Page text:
The European Central Bank is set to venture deeper into uncharted territory next week in its efforts to ensure a healthy economic recovery. To understand the motivations and gauge the likelihood of success, it's important to pay close attention to the euro.
The euro's appreciation over the past couple of years is largely a good sign, reflecting the ECB's success in restoring confidence and stabilizing financial markets. Unfortunately, it has also gone too far due to developments elsewhere that affect currency markets, including in the U.S., Japan and emerging economies. As such, the strength of the euro has become an obstacle to converting Europe's financial gains into durable economic improvements.
ECB officials have joined government officials in signaling concern about the euro's overappreciation, and not only because of its effect on competitiveness, growth and jobs. Another worry is that the currency is contributing to "lowflation" -- that is, inflation that has been too low for too long. If people and companies lower their medium-term inflationary expectations in response, the phenomenon could become chronic, increasing the burden of debt, moderating demand and further complicating Europe's recovery.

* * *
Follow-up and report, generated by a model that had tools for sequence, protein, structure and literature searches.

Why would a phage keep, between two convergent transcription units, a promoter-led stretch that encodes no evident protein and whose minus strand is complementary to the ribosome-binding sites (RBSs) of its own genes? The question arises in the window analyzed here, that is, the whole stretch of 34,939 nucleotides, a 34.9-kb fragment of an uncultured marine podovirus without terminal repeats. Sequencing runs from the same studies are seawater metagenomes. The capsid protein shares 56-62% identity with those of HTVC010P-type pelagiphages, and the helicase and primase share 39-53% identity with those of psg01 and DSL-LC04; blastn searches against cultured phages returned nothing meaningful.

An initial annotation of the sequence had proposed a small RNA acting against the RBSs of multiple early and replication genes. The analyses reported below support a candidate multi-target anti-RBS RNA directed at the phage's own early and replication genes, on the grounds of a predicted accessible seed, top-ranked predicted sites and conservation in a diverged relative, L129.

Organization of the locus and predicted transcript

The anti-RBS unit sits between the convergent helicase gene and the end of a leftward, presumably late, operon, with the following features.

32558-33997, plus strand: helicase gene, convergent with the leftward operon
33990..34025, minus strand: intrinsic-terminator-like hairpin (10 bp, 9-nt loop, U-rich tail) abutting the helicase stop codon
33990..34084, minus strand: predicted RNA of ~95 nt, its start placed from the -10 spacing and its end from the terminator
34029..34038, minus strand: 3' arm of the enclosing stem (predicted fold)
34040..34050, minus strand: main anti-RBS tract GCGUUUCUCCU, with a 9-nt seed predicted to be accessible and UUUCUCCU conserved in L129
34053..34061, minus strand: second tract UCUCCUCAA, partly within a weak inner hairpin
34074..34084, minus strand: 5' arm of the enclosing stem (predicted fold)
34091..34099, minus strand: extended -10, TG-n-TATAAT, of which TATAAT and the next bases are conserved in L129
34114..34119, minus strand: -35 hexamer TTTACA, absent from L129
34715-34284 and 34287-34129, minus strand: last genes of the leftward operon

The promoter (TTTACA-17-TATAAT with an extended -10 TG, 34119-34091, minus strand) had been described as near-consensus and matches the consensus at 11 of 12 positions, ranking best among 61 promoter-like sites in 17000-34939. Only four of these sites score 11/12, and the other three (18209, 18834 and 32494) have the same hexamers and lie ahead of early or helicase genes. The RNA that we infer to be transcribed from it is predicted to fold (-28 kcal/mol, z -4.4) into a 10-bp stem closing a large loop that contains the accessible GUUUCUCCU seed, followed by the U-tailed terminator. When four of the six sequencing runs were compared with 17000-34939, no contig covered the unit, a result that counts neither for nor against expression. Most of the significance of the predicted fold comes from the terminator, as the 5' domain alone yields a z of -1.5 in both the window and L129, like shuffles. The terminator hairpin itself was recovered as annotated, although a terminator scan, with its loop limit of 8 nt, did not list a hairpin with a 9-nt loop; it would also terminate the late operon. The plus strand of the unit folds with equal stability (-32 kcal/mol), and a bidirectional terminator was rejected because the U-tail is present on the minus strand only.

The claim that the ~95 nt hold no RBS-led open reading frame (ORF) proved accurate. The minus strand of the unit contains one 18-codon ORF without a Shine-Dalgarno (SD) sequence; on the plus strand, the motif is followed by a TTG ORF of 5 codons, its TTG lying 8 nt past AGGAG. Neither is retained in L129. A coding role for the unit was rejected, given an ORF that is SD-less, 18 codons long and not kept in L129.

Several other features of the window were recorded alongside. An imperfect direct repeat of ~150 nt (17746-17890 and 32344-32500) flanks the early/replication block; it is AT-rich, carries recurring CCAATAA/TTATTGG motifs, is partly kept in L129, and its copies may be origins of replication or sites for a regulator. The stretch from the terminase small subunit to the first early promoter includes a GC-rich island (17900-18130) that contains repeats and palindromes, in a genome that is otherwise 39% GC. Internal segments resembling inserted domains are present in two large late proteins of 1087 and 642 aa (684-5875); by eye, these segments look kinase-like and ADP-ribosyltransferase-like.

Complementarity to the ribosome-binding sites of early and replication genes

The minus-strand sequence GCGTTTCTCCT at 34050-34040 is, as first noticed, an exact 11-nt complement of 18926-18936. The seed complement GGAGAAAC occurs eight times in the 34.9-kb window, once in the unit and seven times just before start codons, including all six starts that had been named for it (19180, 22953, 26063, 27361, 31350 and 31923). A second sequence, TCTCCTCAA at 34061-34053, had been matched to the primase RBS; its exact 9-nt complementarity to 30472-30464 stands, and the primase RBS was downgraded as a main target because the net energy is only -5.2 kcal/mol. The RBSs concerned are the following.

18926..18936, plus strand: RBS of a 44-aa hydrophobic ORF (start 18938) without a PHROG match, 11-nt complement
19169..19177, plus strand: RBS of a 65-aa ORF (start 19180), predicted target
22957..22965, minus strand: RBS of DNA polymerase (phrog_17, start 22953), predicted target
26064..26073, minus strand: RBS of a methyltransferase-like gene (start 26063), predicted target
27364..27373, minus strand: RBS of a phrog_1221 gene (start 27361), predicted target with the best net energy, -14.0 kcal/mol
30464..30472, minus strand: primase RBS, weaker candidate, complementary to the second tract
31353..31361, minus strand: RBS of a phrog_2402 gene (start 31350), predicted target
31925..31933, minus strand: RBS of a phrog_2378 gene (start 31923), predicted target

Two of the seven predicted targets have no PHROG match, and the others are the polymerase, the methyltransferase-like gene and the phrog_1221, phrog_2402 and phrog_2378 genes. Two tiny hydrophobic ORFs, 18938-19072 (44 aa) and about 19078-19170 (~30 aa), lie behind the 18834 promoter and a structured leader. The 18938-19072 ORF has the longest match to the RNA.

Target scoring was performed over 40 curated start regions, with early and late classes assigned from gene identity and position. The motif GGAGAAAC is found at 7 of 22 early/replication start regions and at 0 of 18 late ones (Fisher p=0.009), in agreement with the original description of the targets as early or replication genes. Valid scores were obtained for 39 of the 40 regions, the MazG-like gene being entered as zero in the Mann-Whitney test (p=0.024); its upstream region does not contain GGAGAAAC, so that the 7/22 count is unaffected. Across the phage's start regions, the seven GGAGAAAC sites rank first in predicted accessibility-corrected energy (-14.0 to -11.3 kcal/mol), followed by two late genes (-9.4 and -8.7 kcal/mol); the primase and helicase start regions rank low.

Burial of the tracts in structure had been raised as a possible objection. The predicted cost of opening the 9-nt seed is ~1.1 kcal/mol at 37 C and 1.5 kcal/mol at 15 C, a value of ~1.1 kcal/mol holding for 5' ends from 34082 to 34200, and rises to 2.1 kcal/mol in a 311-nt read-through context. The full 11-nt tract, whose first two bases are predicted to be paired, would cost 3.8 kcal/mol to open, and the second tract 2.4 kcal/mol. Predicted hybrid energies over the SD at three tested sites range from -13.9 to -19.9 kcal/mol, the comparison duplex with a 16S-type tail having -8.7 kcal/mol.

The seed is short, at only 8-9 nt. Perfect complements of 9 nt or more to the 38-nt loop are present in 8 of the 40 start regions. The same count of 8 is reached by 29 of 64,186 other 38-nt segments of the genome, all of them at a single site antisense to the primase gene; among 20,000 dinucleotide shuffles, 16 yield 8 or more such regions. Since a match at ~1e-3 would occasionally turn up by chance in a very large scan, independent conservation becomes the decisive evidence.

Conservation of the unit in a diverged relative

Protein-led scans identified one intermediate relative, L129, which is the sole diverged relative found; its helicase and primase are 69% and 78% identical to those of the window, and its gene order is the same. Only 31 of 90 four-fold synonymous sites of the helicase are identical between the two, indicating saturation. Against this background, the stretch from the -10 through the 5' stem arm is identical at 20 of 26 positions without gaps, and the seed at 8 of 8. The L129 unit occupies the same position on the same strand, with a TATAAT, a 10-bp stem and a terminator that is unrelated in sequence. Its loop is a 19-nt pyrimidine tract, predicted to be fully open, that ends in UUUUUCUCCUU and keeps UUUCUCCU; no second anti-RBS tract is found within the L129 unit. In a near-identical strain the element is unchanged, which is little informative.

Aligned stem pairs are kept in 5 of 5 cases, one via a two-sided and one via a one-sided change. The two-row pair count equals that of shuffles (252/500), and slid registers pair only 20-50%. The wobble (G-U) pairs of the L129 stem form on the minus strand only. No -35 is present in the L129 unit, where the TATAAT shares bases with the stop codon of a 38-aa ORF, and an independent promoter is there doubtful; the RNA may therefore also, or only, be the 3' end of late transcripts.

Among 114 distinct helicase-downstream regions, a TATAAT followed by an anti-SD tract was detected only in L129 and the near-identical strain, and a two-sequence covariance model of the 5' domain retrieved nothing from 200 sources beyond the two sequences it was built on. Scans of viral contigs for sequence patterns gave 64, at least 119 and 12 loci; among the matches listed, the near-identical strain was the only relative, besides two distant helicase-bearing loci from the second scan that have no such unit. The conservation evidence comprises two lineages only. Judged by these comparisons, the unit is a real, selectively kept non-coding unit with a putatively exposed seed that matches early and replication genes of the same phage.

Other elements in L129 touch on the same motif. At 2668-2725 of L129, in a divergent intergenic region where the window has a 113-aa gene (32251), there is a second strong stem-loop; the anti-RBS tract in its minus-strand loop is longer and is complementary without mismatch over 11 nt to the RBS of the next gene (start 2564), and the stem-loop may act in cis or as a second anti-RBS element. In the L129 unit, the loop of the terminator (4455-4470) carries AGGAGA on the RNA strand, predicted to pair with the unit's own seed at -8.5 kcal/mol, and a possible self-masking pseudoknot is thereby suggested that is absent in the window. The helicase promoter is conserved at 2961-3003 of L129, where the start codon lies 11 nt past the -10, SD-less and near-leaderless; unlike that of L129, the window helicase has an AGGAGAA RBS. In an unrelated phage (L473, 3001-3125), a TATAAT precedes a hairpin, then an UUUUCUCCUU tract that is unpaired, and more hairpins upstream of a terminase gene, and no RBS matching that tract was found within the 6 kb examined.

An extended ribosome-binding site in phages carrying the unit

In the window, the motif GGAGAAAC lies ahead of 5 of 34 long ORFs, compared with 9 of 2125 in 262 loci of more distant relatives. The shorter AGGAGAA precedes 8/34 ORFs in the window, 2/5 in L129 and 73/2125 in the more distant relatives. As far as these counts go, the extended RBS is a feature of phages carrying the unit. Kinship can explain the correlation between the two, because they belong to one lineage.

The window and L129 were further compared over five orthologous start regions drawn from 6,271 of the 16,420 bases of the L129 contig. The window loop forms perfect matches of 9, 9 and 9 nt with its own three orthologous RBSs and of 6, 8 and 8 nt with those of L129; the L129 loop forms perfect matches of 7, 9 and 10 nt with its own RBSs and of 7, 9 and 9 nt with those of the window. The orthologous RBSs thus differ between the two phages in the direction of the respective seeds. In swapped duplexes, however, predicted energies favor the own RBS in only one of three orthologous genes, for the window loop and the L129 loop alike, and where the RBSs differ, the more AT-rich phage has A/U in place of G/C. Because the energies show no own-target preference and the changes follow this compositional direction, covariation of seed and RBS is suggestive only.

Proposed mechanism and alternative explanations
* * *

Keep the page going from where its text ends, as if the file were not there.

The varied concerns help explain the broad range of measures said to be under consideration for the next meeting of the ECB's Governing Council, including an interest rate cut, stronger forward policy guidance, quantitative easing, credit easing and even selected negative interest rates.
The moves, if implemented, would take the ECB to a very unusual place. In addition, the central bank would be loosening monetary conditions at a time when the Federal Reserve is removing accommodation through the reduction, and likely elimination, of its monthly purchases of securities. Indeed, the Bank of Japan could end up being the only systemically important central bank with a more accommodative monetary policy, if that.
The market's anticipation of the ECB's policy shift has already brought a desirable weakening in the currency: A euro bought just less than $1.36 on May 28, down from $1.39 three weeks earlier.
The currency could move much more sharply, though, if the ECB adopts decisive measures next week. This risk is partly related to carry trades, in which investors borrow money in currencies with low interest rates to buy assets that offer higher yields. The high-yielding bonds of European countries such as Greece, Italy, Portugal and Spain for example, have been a target of such investments. If the ECB's moves cause Europe to switch from being a recipient to a source of borrowing, history suggests that the corresponding currency fluctuations could be quite dramatic.
The ECB will have to watch the currency market closely. Its challenge is to engineer a sufficient devaluation, but one that stops short of undermining financial stability.
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